Argentina Senate rejects controversial bill to legalize abortion
August 9, 2018 By Staff
TODAY IN LATIN AMERICA
ARGENTINA: The Senate narrowly rejected a bill to legalize abortion during the first 14 weeks of pregnancy today before dawn. Senators began debating the bill yesterday morning to avoid the discussion going late into the night, like it did a month ago when the bill was approved by the lower house, but regardless, the discussion lasted 16 hours and ended at 3 a.m when 38 lawmakers voted against the bill, 31 voted in favor and two abstained. Meanwhile, thousands of detractors of the bill wearing sky blue handkerchiefs and thousands of supporters wearing emerald green kerchiefs gathered outside Congress in the cold of the winter, and the Roman Catholic Church held a “Mass for Life” at the Buenos Aires Metropolitan Cathedral. When the result was announced the blue side celebrated with fireworks and the green side lit fires and threw rocks at the Senate building shortly clashing with police and leading to an unspecified number of detentions.
The current law dates from 1921 and allows abortion only when pregnancy is the result of rape or when it poses grave risks to the woman’s health. But estimates say between 350,000 and 500,000 women get clandestine abortions every year and complications from these abortions are the leading cause of maternal deaths in the country, accounting for 18 percent of these deaths. Only last week 22-year-old Liliana Herrera died from an infection caused by a clandestine abortion and an unnamed woman is currently in hospital in critical condition for the same reason. The grassroots movement behind the bill to legalize abortion began as a movement against the murder of women, rallying under the slogan “Ni una menos,” or “Not one [woman] less,” but was always intertwined with the issue of abortion as it began in 2015 with the brutal murder of a pregnant 14-year-old girl by her teenage boyfriend and her mother’s claim that the boyfriend’s family didn’t want her to have the baby.
The pressure of the Catholic Church against legalization was fundamental to the final result of the vote. Pope Francis, who was archbishop of Buenos Aires before being elected pope in 2013, described abortion as the “white glove” equivalent of the Nazi-era eugenics program a few weeks ago and personally requested some anti-abortion legislators to lobby to reject the bill. Argentina would’ve been the biggest country in the region to legalize abortion and now only Uruguay, Cuba, Guyana and Mexico City allow early-term abortion without restrictions.
HEADLINES FROM THE WESTERN HEMISPHERE
MEXICO: The electoral court finally certified yesterday the July 1 victory of Andrés Manuel López Obrador, formally declaring him president-elect. He will take office Dec. 1.
MEXICO: A federal court dismissed embezzling charges against the former leader of the country’s most powerful teachers’ union. Elba Esther Gordillo, once one of the most powerful people in Mexico as the leader of the 1.5 million-member Mexican teachers’ union, spent almost five years in prison and another few months in house arrest awaiting trial accused of embezzling about $160 million until yesterday a court determined there weren’t sufficient grounds to proceed with the trial. Gordillo always described herself as a political prisoner.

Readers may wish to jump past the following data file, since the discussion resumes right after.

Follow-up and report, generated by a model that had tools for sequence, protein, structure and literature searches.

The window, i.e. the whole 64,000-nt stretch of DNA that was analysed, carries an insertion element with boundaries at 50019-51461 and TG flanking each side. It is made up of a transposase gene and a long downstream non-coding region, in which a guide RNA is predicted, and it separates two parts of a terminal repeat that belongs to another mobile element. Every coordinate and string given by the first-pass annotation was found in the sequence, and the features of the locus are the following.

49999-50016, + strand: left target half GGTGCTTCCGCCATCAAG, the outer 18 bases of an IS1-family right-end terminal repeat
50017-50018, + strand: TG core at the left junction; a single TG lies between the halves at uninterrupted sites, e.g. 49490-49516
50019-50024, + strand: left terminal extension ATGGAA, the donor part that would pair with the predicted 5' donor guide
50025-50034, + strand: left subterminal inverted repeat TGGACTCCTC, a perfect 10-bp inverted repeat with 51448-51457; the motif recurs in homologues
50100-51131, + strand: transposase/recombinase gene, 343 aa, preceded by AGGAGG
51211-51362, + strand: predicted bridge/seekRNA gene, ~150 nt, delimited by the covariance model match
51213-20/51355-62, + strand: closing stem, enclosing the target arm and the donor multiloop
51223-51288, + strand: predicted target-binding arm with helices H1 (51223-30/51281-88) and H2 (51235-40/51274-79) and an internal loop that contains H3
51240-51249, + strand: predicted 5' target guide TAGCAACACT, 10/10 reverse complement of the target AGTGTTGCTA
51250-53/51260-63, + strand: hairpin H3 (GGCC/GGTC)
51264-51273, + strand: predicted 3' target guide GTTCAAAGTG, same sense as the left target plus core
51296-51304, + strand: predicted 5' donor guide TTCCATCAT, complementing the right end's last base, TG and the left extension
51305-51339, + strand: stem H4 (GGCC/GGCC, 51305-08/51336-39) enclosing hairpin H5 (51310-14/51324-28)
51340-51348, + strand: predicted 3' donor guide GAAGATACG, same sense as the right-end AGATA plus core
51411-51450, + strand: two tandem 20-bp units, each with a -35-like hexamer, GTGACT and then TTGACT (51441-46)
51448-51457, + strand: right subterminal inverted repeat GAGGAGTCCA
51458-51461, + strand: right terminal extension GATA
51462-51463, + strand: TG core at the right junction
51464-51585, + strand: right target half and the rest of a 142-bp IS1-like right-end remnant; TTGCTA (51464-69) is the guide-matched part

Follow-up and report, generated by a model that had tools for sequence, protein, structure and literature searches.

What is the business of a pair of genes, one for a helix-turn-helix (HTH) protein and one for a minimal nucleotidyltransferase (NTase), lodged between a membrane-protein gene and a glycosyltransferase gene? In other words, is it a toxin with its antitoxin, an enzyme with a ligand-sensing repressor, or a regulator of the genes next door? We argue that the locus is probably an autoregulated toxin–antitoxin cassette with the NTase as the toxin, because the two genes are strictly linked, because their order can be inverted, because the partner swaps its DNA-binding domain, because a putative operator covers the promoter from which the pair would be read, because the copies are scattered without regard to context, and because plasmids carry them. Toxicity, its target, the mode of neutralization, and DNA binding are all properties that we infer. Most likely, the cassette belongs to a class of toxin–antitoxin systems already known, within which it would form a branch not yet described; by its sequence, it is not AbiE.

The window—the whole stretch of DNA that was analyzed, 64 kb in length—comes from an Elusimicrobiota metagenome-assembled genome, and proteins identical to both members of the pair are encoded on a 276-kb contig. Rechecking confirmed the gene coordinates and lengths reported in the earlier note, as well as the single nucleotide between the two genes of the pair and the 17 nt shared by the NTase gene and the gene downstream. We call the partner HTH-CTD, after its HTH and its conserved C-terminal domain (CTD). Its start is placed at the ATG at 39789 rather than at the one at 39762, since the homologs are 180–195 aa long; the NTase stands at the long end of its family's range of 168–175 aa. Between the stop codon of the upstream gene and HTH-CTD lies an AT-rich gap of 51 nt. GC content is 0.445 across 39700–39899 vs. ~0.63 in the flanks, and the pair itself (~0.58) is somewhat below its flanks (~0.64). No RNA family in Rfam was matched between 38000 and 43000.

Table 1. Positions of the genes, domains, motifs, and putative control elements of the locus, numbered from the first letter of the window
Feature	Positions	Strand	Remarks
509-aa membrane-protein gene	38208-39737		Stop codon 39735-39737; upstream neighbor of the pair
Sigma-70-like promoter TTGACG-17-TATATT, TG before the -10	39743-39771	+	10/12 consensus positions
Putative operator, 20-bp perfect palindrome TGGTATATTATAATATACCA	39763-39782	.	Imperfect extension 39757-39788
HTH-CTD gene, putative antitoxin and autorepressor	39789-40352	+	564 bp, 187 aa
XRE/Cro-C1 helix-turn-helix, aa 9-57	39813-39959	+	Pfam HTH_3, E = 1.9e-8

DOMINICAN REPUBLIC: The trial against the seven people accused of receiving the $92 million in bribes that Brazilian construction firm Odebrecht confessed to have distributed in the island nation was postponed yesterday by Supreme Court justice Francisco Ortega. The pre-trial hearing was rescheduled for Aug. 21 after former minister of public works Víctor Díaz Rúa, one of the accused, asked for the possibility to review the evidence against him.
GUATEMALA: Jailed former president Otto Pérez Molina was taken to hospital after experiencing trouble with his pacemaker while playing sport on Tuesday. The medical center’s director said he is in stable condition. Only one week ago a judge had ordered Pérez Molina be sent back to pre-trial detention after a three-month-long hospitalization when the National Forensic Sciences Institute declared his heart issues could be treated on an outpatient basis.
BOLIVIA: Hundreds of protesters gathered outside the main plaza of Potosí on Monday to protest the government’s official celebration of Bolivia’s independence day. Twenty-five opposition groups led the call to object President Evo Morales’ plans to run for a fourth term in 2019 despite a national referendum opposed the constitutional amendment that would have granted him another term.
COLOMBIA: During his last days in government, former president Juan Manuel Santos silently recognized Palestine as a “free, independent and sovereign state.” Yesterday, a day after the new government of Iván Duque took office, Palestine officials made the letter signed by former Colombian foreign minister Maria Ángela Holguín public. Colombia was the last South American country to give this recognition to Palestine, but the new foreign minister Carlos Holmes Trujillo said the new government will “carefully analyze that decision.”
CHILE: Former president Michelle Bachelet was nominated yesterday by United Nations’ secretary-general Antonio Guterres as the next U.N. human rights chief. A vote will take place in the General Assembly tomorrow morning where the nomination is virtually certain to be approved. Bachelet was the first head of U.N. Women between her first tenure as Chile’s president in 2006-2010 and her second tenure in 2014-2018.